The other Downton, Sunday night television heaven for millions, was not filmed here but might easily have been. Downton Hall is an 18th century country house approached through venerable gateposts and up a half-mile drive with verdant views to all sides. Past the cricket ground and the walled garden lies surely the most gloriously sited stable-yard in Britain.

It has not always seemed so desirable. The late Tim Forster brought his assistant trainer here, 20 winters ago, and sought his opinion about moving from Letcombe Bassett. “I thought Tim was completely mad,” Henry Daly recalls. “It was just a sea of mud and muck, barns falling down, roofs falling in. It was very hard to see the potential.”

Forster had forged the idea over Sunday lunch with his friend Micky Wiggin, who had just inherited this estate. “It started out as a joke,” Daly says. “Micky said he had no idea what to do with it, so Tim said he would come and train here. It was a throwaway line, and they both laughed, but over lunch they saw it wasn’t so ridiculous.”

Driven by the energy of Wiggin, a long-time Chairman of nearby Ludlow racecourse, the yard was ready for Forster within six months and the facilities now on show were complete within 18. “That was quite remarkable, because it was a ramshackle old estate. Before Micky, a spinster called Mary Rouse-Boughton had lived in three rooms of the house. There were other rooms no-one had been in for 50 years.”

It had also never been a base for thoroughbreds but quickly housed some mighty good ones. “In the first couple of years here, Tim had Martha’s Son and Dublin Flyer. The place worked.” Sadly, Forster did not live to enjoy it for long but he would greatly approve of the manner in which Daly has continued operations in this rural idyll near the evocatively-named Shropshire hamlets of Stanton Lacy and Hopton Cangeford.

It’s not deliberately trying to stick in the past, I just find self-promotion very difficult but that is very different from being unambitious

Much of the droll, self-deprecating pessimism of Forster is replicated in his successor. Linked with the enviable setting, it is a façade that leads some to perceive Daly as a Corinthian throwback, content to train a few dozen horses for his owner/breeder patrons so long as it does not interfere with his shooting. The reality is quite different.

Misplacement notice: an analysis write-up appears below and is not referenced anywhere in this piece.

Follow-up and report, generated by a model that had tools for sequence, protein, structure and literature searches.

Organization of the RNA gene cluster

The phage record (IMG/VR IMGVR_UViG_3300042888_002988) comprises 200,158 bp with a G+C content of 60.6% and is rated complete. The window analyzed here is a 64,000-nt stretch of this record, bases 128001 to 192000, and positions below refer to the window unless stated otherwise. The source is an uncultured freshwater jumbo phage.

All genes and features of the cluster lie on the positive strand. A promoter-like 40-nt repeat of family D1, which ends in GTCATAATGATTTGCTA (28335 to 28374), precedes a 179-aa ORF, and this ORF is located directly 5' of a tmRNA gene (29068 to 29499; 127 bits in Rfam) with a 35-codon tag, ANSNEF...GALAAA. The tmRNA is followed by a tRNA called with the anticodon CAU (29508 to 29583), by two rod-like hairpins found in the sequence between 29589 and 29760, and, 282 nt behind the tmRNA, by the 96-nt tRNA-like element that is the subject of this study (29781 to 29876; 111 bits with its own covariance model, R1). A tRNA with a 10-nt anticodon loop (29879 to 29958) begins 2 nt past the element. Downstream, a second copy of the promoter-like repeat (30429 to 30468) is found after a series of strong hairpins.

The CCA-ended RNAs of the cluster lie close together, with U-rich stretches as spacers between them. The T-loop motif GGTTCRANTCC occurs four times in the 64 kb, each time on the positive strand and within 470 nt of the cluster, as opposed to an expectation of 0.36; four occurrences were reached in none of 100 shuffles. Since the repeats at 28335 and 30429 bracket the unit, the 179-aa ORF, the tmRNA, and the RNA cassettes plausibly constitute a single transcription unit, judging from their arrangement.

“Those who think that should talk to my bank manager,” he sighs. “I have rent and bills to pay, like everyone else. I need more horses and that is my main frustration. We have 45 here and it’s true that 50% of them are for owner/breeders – I realise not many trainers have anything like that percentage. But for choice, I would certainly have more horses. If I was offered 100, I’d take them gladly. We have the room and I have the ambition.

“I suspect people think I don’t worry about it but that is only because I never show it. I’m reserved, very reserved. I’m actually in awe of trainers like Paul Nicholls for their skill in promoting themselves. It’s a great talent. Some people get it horribly wrong, going over the top, but those who get it right, like Paul, do it in spades.

“I’m exceptionally bad at it. It’s not in my nature. I’m very aware I am missing out but it’s very hard to change the way you are made. It’s not deliberately trying to stick in the past, I just find self-promotion very difficult but that is very different from being unambitious. You cannot train horses unless you’re competitive. It’s all about winning.”

He has done a good bit of winning this season – 26 by the turn of the year was comfortably a personal best – but he did hardly any of it three seasons ago, when the tally dropped to a mortifying eight. “It was a very interesting life lesson,” he says wryly. “Not one I wish to go through again.